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I'm trying to build a CSS-based table that will be populated with information coming from a database.

What is the most appropriate tag to use for this structured data? I originally considered ul since each row is an unordered list of data... but then I uncovered some difficulties making it into a grid using CSS.

I'm now looking at DIV (inline?) and Span. There may be others. What tag would be considered the industry standard way of displaying a CSS based grid?

Although I'm interested in learning what's most appropriate one from a DOM-Theory perspective, ultimately I want clean code that is consistent among browsers... This may weed out the ul tag entirely.

What do the experts think?


So it seems that everyone is recommending that I use a table for (duh) tabular data. The only reason I don't feel silly for asking this question is because my grid vendor is having issues with a dynamically resizing grid... and allowing for the columns to be resized on the client.

The vendor claims that the reason columns are having issues with a resize is because of tables. They will be moving to a DIV based layout to fix the issue. I'll post a reference link shortly...

Search for the word "Based" and you will see the posting from a MVP who mentions the internal changes:

Update 2:

Perhaps a large non-table based grid will also render faster.

You might say I need a lot of scalibility (for a large rowset) and the ability to resize the panes. Very similar to how Outlook currently looks/operates:

alt text

Summary of needs: I'm looking for a Table approach that allows for:

  • Fast Rendering
  • Large Datasets
  • Rich formatting
  • The ability to resize outer container/div
  • When changing the width/height of outer container, the columns will keep the width property or grow, as defined in HTML
share|improve this question
Do you have a comp/preview of it? It would really help seeing what it actually contains – meder omuraliev Aug 5 '10 at 21:59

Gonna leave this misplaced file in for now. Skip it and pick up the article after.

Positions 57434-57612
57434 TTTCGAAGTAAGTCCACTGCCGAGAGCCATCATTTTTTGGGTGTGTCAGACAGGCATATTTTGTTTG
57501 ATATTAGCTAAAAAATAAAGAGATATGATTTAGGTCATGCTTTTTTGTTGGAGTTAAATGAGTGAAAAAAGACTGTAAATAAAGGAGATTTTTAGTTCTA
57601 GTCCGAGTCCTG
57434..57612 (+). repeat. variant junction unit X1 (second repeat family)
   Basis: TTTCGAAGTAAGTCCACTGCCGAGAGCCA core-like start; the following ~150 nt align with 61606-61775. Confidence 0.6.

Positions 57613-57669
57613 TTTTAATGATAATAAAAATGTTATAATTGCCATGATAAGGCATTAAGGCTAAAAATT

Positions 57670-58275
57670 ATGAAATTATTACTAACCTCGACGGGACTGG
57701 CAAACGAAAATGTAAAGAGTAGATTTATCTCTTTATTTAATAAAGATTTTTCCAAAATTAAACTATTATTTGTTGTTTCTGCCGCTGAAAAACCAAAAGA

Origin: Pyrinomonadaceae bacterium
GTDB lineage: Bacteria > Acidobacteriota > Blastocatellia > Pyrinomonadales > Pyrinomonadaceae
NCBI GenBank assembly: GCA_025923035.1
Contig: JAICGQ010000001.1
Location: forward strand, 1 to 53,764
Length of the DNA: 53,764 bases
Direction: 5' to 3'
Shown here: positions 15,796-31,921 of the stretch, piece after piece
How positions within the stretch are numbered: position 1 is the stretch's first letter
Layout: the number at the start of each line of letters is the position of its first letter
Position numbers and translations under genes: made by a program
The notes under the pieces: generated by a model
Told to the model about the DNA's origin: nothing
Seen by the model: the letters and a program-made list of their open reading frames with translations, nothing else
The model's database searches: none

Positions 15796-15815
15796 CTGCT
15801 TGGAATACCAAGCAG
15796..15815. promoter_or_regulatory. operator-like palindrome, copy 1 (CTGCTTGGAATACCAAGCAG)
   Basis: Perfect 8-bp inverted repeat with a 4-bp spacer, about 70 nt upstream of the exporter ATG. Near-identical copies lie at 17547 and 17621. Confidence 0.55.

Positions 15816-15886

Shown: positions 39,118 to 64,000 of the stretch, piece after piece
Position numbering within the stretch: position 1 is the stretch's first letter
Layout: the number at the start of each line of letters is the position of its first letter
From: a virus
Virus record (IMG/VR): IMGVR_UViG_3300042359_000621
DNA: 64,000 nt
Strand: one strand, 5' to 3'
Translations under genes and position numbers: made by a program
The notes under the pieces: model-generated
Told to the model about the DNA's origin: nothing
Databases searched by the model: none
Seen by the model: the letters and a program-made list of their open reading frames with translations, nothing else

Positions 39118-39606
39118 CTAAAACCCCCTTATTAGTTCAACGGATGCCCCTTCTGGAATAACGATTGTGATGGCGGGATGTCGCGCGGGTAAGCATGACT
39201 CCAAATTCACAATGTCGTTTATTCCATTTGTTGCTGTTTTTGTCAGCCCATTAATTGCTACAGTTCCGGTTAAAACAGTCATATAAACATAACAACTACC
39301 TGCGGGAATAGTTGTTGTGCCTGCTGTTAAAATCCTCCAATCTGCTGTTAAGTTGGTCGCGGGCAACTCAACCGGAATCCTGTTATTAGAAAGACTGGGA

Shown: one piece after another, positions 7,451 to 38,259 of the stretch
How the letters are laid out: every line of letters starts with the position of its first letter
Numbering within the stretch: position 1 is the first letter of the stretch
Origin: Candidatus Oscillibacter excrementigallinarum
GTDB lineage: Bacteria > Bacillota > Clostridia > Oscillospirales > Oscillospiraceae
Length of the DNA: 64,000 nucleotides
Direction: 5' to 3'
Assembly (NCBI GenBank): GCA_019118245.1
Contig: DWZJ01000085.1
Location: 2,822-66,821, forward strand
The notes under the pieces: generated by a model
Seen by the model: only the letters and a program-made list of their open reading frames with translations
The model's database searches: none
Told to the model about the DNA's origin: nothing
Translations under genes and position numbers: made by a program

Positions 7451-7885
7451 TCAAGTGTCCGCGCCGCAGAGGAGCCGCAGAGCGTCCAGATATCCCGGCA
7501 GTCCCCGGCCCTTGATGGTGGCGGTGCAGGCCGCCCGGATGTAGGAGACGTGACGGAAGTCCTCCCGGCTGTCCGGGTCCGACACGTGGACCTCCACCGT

Sometimes, its neither blasphemous nor sinful to use tables. – DMin Aug 5 '10 at 22:06
@meder The columns will contain graphical elements (graphs, images, etc). If you look at the layout of Outlook's inbox where there is one row occupying 2 lines.... I'll add a sample image shortly. – LamonteCristo Aug 5 '10 at 22:20
@meder I didn't add a screenshot from my application, but the url will be ... based on that you can imagine the content I'll be adding. – LamonteCristo Aug 5 '10 at 22:27
up vote 9 down vote accepted

If it's a grid of data, it should be a <table>. It's fair enough to avoid using tables for layout, but if you have tabular data then that's exactly what tables are for.

share|improve this answer
Quite rite. I think most people get the impression there's a blind polarize almost like a religious war over the element's usage as if it were <blink>. – Incognito Aug 5 '10 at 22:22
Aren't there issues with resizing the table as a whole, and adjusting (or not adjusting) column width as the table expands/shrinks? ... what about rendering speed? ...dealing with many records on the backend? – LamonteCristo Aug 5 '10 at 22:25
@MakerOfThings7: No more so than any other method. You can check it yourself in your browser of choice, but given that's exactly what the element is for rendering speed with many records is almost certainly going to be as fast, if not faster, than a div/span and CSS alternative. – GaryF Aug 6 '10 at 6:43

If you want a tabular or grid information display, then use the table element. It's there for a reason.

share|improve this answer

I'm trying to build a CSS-based table ... What is the most appropriate tag